Genre: Thriller Running Time: 1 hr. 35 min.
Release Date: September 1st, 2010 MPAA Rating: R
Director: Anton Corbijn Actors: George Clooney, Thekla Reuten, Paolo Bonacelli, Violante Placido, Irina Bjorklund
ome films take a while to get going. “The American” starts after those ones finish. The patient viewer might find several of the situations engaging, though perhaps not very original, and those with lesser waiting skills will maintain their intrigue in either the well-acted characters or the hopes that something drastic is on the horizon. A plodding plot isn’t always a bane to the assassin thriller, and while it does reduce the level of intensity, the brooding atmosphere and tangible paranoia remain compelling.
An interesting reflection on the nature of professional killers aside, “The American” revels in its deliberate pacing. The story unfolds slowly. The protagonist’s mission develops methodically. The camera moves leisurely, careful to capture the exotic scenery and sleepy villages. The encounters happen infrequently and the conversations contain more contemplation than correspondence. Even the sex scenes are unencumbered by swiftness. Perhaps this adds to the realism and beauty – or perhaps just the runtime.
A mysterious American hitman, Jack (George Clooney), travels to a quiet Italian town to lay low after an attempt on his life fails in Sweden. Once there, his employer assigns him a new job to provide a custom rifle for Mathilde (Thekla Reuten), another professional killer on an assassination mission. While working on his latest assignment, Jack frequents a brothel and becomes romantically entangled with beautiful prostitute Clara (Violante Placido), a relationship forbidden in his lonely world of hired killing. As his attraction to Clara grows, Jack must weigh the risks of his newfound love with the unavoidable dangers and inescapable perils of his profession.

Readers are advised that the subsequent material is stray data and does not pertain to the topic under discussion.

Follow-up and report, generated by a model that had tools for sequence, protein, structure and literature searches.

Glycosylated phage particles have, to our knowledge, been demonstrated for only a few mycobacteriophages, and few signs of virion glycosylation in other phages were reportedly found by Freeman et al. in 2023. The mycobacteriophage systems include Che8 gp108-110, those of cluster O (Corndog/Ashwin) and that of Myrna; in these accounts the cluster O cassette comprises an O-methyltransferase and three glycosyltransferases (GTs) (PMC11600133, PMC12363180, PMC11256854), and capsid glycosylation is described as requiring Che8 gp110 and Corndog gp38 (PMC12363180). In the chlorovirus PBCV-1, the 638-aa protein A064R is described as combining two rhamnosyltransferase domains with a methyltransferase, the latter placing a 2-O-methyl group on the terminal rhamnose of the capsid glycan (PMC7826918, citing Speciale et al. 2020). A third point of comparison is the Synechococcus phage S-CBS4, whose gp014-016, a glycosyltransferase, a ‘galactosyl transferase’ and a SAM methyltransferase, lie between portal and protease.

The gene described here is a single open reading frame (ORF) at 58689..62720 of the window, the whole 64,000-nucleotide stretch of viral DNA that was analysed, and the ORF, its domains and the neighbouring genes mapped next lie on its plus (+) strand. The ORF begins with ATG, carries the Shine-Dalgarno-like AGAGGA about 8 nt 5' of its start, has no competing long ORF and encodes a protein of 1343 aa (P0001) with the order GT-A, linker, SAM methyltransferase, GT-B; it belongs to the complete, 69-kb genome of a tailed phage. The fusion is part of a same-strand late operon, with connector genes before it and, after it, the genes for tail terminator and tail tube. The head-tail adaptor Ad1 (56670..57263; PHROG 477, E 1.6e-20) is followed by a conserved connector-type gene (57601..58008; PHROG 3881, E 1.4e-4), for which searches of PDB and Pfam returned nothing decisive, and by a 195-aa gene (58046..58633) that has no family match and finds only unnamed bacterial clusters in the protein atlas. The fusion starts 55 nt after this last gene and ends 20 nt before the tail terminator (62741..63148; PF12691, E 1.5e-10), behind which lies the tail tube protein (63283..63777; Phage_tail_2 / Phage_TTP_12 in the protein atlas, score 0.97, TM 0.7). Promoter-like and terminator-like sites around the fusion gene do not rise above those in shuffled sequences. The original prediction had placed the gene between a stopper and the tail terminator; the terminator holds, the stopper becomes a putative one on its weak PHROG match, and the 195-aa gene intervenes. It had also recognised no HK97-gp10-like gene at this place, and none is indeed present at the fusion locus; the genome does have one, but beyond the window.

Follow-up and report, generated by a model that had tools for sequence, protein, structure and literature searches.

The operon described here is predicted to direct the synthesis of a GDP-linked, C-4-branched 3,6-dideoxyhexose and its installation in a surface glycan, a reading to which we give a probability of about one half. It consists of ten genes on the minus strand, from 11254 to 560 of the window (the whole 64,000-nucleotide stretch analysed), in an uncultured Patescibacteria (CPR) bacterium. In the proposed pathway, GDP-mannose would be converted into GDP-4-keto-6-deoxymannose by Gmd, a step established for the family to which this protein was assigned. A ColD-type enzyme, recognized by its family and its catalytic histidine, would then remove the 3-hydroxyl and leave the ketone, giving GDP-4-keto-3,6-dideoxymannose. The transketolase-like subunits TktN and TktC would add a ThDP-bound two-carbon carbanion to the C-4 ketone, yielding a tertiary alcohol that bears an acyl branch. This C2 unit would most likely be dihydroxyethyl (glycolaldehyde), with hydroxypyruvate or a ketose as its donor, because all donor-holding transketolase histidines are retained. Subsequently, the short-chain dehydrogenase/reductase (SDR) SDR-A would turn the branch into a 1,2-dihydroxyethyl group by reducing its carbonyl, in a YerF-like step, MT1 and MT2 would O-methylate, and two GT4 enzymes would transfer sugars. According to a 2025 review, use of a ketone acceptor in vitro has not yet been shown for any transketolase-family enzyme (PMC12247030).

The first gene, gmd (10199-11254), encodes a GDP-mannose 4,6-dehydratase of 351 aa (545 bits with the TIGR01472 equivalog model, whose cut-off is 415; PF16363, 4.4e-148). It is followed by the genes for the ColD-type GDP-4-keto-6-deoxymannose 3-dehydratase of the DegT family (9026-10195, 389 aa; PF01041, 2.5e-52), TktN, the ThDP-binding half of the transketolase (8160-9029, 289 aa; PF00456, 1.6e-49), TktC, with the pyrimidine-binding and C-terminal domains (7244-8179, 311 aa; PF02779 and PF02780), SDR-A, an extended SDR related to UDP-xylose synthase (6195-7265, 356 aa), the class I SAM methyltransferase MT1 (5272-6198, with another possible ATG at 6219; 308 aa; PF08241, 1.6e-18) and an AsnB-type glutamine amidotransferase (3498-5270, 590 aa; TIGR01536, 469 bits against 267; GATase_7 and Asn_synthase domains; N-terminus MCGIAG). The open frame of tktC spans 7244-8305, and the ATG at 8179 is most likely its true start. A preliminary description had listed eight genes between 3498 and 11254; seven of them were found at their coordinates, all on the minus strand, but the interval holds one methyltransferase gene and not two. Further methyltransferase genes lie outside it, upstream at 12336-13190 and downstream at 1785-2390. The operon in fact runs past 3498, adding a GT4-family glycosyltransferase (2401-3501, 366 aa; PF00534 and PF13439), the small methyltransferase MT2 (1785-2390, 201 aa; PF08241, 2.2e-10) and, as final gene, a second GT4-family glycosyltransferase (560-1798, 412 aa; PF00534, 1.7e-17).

“The American” is the exact opposite of a James Bond movie (particularly the tongue-in-cheek style of Roger Moore’s contributions), where the action is almost nonexistent, the mission is miniscule and of little importance to anyone outside of the tiny city, the villains aren’t flamboyantly evil, and the mood is consistently somber. The women are slightly flirtatious and decidedly curvy, and while Jack has little charm, he does have an air of levelheadedness. Despite the completely contrasting tone and the added realism and authenticity, “The American” is still a typical assassin film, uncommonly placed on the other end of the spectrum. His career isn’t romanticized or glamorized, instead used to present moral dilemmas and reasons to disapprove of his lifestyle. He doesn’t have friends, family, or significant relationships, and must struggle with the inability to escape his craft, forbidden love, and inevitable betrayal.
Everything is presented very slowly, from the conversations that seem like small talk, to the noiseless moments of contemplation, the waiting, and the sleepless nights, to the completion of his weapon-making task – even to the sex scenes with a prostitute (who coincidentally likes to moan, “slower”). The only benefit of this snail’s pace is the ability to learn about Jack; viewers are given no information about his past, but delivered plenty of screentime to relate to his mentality and his personality. He’s not particularly likeable, but he’s all they have.
Jack seems to be perpetually waiting for something to happen, just as the audience also patiently waits. The anticipation builds, but the waiting takes so long that at times the movie seems to be more about a man learning to love than a hitman working on a job, which is acceptable but misleading. Like the deceptively serene opening sequence with soft piano music, naked flesh, and a picturesque snowy cabin retreat that abruptly turns into a bloodbath, “The American” intends to persuade the viewer that a cold-blooded killer can be a dynamic character. Unfortunately, the story is just generic enough that by the third act, few outcomes are unpredictable.
– The Massie Twins